Gender Policy update: Mad Rollin’ Dolls

Over the weekend, the Mad Rollin’ Dolls (MRD) of Madison, Wisconsin (one of the founding WFTDA member leagues) passed a new non-discrimination policy. This policy change was the result of efforts by an internal working group, of which both of the authors of this article were a part, and an open, league-wide discussion that included guidance from the director of the UW Madison’s LGBT Campus Center.

Prior to its passage, MRD had defaulted to WFTDA’s policy. We have trans* skaters on home teams now, as well as people who identify as genderqueer, but wanted to pass our own, more forward-looking and fully inclusive policy to make sure those people were welcomed and supported, and to open the doors to wider participation by those individuals who may have been previously excluded. We’re also hoping this helps to push discussion within WFTDA itself toward passing a similar policy.

It was a big step, and one that now requires a lot of follow-up work to ensure we, as a league, are able to put our money where our mouths are. But we’re incredibly proud of and excited about the progress inherent in this first leap forward.

The policy reads as follows:

MRD, pursuant to its mission of promoting women’s roller derby, does not and will not discriminate on the basis of race, color, religion (creed), gender expression, age, national origin (ancestry), disability, marital status, sexual orientation, or military status, in any of its activities or operations. MRD does not and will not differentiate between members who identify as female and those who identify as a non-binary gender (including but not limited to genderqueer, transmasculine, transfeminine, and agender) and does not and will not set minimum standards of femininity for its membership or interfere with the privacy of its members for the purposes of league eligibility. These activities include, but are not limited to, draft/home team skater eligibility, membership eligibility, disbursement of resources, and eligibility for office. MRD is committed to providing an inclusive and welcoming environment for all skaters, officials, volunteers, and fans.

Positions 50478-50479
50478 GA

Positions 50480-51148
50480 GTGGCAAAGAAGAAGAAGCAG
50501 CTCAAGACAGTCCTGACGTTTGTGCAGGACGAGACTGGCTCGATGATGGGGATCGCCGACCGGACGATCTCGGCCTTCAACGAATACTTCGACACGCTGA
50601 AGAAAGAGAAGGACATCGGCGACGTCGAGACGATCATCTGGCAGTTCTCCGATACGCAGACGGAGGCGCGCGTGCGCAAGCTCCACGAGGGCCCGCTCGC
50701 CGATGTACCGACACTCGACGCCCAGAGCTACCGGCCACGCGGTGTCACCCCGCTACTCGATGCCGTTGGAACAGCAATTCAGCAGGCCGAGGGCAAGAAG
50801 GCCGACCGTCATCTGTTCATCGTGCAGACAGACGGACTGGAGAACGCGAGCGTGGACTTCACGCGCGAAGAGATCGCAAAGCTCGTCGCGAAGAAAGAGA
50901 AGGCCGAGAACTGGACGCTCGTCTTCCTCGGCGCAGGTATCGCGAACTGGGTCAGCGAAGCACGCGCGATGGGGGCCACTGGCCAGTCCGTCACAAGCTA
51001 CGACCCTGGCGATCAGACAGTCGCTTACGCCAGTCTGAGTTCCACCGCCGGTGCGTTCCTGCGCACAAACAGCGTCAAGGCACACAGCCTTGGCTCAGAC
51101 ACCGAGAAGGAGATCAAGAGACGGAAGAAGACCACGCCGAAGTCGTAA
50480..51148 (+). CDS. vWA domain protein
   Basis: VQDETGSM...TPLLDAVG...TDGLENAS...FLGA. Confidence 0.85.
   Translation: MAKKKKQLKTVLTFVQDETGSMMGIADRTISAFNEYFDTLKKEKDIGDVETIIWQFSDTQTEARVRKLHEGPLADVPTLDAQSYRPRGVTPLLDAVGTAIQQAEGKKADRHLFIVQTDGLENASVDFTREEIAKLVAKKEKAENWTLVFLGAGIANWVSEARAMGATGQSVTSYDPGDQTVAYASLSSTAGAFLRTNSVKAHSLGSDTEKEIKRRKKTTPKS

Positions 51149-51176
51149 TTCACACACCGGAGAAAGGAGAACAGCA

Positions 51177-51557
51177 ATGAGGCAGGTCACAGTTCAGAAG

“MRD is committed to providing an inclusive and welcoming environment for all skaters, officials, volunteers, and fans”.

Two principles motivated this change in policy:

First, it does not attempt to define gender, e.g. who is a woman and who is a man. There is no hormone level requirement and no requirement that someone must be living full time in that particular gender. Someone’s gender is based completely on how they identify. We view this as necessary given that gender itself is socially constructed and should be dependent only on how someone identifies, not based on the gender they were assigned at birth.

 Second, it allows for membership by those who identify as non-binary and for those individuals to maintain that identity. Non-binary people are individuals who do not identify with either of the binary genders, i.e. as male or female. As it is, non-binary people have to conform to one of the binary genders for the purposes of sports. We view acceptance of non-binary people into the league as a means to be an inclusive space for those who wish to participate in a predominantly women’s sport while also maintaining their gender identification. In other words, non-binary people should be able to play with ladies without having to gloss over the fact that they do not identify as such.